Grasshoppers and Courage
Personal courage is one of 7 Army Values. Captain Matthew Riggs, in an essay on this value, writes that, “Personal Courage as defined by the Army, is to face fear, danger or adversity. Personal Courage is the ability one has to overcome a difficult task or situation with steadfastness, or in contrast, to do the moral and right thing when given an opportunity to benefit themselves, by hurting someone else.”
In this week’s Torah portion, Shelach Lecha, we witness the results of lack of courage in the report of the spies sent by Moses to scout out the land in anticipation of the military invasion Canaan. Joshua and Caleb return with confidence that, with God’s help, the Israelite forces will succeed. The other 10 tribes have neither confidence nor courage. In Numbers 13:33 they famously infect the entire community with their bad morale- “We were in our eyes like grasshoppers and so we were in their eyes.” Grasshoppers cannot conduct a successful military option, neither can they exercise personal courage on the battlefield of life. They also cannot be successful leaders.
Apple Computer manager Dave Patterson aptly points out this aspect of leadership, writing, “The leader is the evangelist for the dream.” Our ancestor’s dream was to enter the Promised Land. By abandoning their role as the evangelists for this dream, the 10 spies sealed the fate of the dor hamidbar, the generation of the wilderness, condemning them to wander 40 years until a courageous new generation arose who could and would heed the words we find in Deuteronomy 31:16- “Be strong and courageous, not fearful or in dread, for Adonai your God is the one who accompanies you.”
A leader cannot be in fear and dread. An appropriate level of caution and preparation is critical, but a leader must feel and inspire confidence. In an article on strategic leadership in the military context, W. Michael Guillot described the role of the leader as moving the community from the art of the familiar to the art of the possible. Our ancestors were most comfortable with their familiar surroundings- as slaves and as fugitives. Telling them- “We looked like grasshoppers in our own eyes and so we must have looked to them” was not helpful in inspiring them with a vision of possibilities.
Courage takes many forms. I’d like to briefly touch on four of them:
Courage to stand up for what’s right
Courage to live in the face of overwhelming suffering
Courage to accept one’s own imperfection
Courage to trust others enough to open up to them
- Courage to stand up for what’s right- This is the courage of the prophets, who confronted powerful kings with the evidence of their own wrongdoing. This is the courage of Abraham, who challenged God, “Shall not the judge of all the universe do justly?” This is the courage of Esther, who bravely faced King Achashverosh with the words, “And if I die, I die.” “To be,” wrote Rabbi Abraham Joshua Heschel, “is to stand for.” Andre Jackson put it this way, “One man with courage is a majority.” Or two, in the case of Caleb and Joshua!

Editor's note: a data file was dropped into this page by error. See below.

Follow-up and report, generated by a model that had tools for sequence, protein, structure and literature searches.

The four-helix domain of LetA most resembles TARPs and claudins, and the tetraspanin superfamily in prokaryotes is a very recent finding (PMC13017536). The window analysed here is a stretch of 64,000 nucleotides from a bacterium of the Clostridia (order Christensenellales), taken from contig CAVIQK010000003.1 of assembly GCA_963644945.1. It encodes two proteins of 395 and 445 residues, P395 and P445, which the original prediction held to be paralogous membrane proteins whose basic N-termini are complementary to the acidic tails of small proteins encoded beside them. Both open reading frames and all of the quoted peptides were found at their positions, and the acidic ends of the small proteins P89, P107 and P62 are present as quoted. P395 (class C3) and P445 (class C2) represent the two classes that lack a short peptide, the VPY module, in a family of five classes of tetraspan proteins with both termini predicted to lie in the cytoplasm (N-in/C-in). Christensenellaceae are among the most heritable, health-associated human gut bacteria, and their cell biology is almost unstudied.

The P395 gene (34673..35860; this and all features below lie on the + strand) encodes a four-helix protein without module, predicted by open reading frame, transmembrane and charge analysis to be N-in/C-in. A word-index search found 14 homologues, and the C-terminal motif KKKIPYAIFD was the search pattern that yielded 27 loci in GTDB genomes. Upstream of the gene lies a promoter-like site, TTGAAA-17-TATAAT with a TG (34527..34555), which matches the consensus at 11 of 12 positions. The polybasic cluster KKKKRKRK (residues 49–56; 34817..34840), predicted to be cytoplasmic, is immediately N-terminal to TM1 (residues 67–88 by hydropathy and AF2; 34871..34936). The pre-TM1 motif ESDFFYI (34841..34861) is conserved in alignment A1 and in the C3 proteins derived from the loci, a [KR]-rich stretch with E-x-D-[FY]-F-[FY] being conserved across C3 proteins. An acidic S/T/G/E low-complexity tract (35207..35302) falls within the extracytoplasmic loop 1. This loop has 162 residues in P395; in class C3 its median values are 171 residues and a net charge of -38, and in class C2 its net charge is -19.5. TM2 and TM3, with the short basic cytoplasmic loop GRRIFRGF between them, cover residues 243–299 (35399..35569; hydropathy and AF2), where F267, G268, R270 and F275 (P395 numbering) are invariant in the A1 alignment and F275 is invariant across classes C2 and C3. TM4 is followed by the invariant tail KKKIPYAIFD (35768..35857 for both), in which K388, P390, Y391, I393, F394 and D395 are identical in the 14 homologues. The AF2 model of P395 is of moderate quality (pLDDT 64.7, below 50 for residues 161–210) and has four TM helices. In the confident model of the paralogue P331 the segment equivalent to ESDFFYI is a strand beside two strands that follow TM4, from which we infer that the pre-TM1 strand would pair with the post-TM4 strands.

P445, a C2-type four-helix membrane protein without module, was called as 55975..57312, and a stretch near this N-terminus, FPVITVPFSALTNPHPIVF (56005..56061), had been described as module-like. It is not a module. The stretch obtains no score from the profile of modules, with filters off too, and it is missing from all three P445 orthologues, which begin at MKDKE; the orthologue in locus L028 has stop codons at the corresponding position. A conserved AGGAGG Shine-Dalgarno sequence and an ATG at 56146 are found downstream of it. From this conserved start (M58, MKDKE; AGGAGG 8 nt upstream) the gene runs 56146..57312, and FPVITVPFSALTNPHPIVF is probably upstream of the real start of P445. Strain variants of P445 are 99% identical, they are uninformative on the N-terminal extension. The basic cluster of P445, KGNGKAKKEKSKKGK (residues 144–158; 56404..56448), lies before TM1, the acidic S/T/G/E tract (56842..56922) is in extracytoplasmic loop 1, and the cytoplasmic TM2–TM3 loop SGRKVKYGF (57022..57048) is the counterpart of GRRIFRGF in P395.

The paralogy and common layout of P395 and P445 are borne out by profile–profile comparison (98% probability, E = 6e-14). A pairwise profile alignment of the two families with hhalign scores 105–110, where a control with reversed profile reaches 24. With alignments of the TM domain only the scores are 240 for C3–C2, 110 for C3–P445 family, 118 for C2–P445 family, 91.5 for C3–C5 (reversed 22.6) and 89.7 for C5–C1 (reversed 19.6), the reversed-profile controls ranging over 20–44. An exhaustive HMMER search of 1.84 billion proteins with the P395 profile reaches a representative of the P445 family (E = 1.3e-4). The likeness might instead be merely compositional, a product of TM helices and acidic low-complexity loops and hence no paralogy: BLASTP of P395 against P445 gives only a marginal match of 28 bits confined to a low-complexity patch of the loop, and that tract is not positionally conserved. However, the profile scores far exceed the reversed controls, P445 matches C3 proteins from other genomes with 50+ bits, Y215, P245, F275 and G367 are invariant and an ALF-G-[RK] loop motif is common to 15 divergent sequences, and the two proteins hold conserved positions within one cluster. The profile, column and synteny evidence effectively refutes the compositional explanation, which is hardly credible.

- Courage to live in the face of overwhelming suffering and to choose life- This is the courage that I am privileged to witness again and again in my holy work as a rabbi. It is the courage of a woman who loses her husband and her daughter within a few months, and finds the strength to go on. It is the resilience of another soul who admits her daughter and her husband to the hospital in the same week, and is able to support them both while continuing to parent a child at home. Our human ability to survive unspeakable tragedy is an inspiring act of courage.
- Courage to accept one’s own imperfection- To be is to decide, and often we make poor decisions. What a challenge to say those simple words, the words Rabbi Harold Kushner describes as the four holiest words in the English language, “I may be wrong.” Again and again we see ourselves as grasshoppers, and, while arrogance is to be avoided, we must also be grateful for the possibility of teshuvah, of repentance and return, in order to forgive ourselves and others for the consequences of our all too human imperfection. Each day, with each decision that we make, we build the self-discipline to make the really tough decisions when moral courage will be required.
- Courage to trust others enough to open up to them- In the book of Genesis, in the story of the creation, God creates the world with the refrain, “And God saw that it was good.” Vegetation, Seas, Animal Life- all good. The first thing about which the Torah tells us “it was not good” is for us to exist in isolation from each other. We are designed to be social creatures and, oh!, the challenges this creates. In an article called, “The Angry Monk,” Shozan Jack Haubner writes, “Group monastic living has taught me that the people in your life don’t get in the way of your spiritual practice; these people are your spiritual practice.” It requires much courage to open ourselves up to the inevitable hurt of community life.
The root of the word courage is “cor,” meaning heart. The original meaning of courage had to do with speaking the truth from the heart. The generation of the spies needed to die off in the wilderness- their negative attitude- “we looked like grasshoppers in our own eyes and so we must have appeared to them”- was demoralizing to the community. We all need to find the courage to cling to stand up for what is right, to choose life in the face of overwhelming suffering, live with and forgive imperfection, and to be open to the loving support of friends, family and community. On the Shabbat of Shlach Lcha, may we be blessed with courage.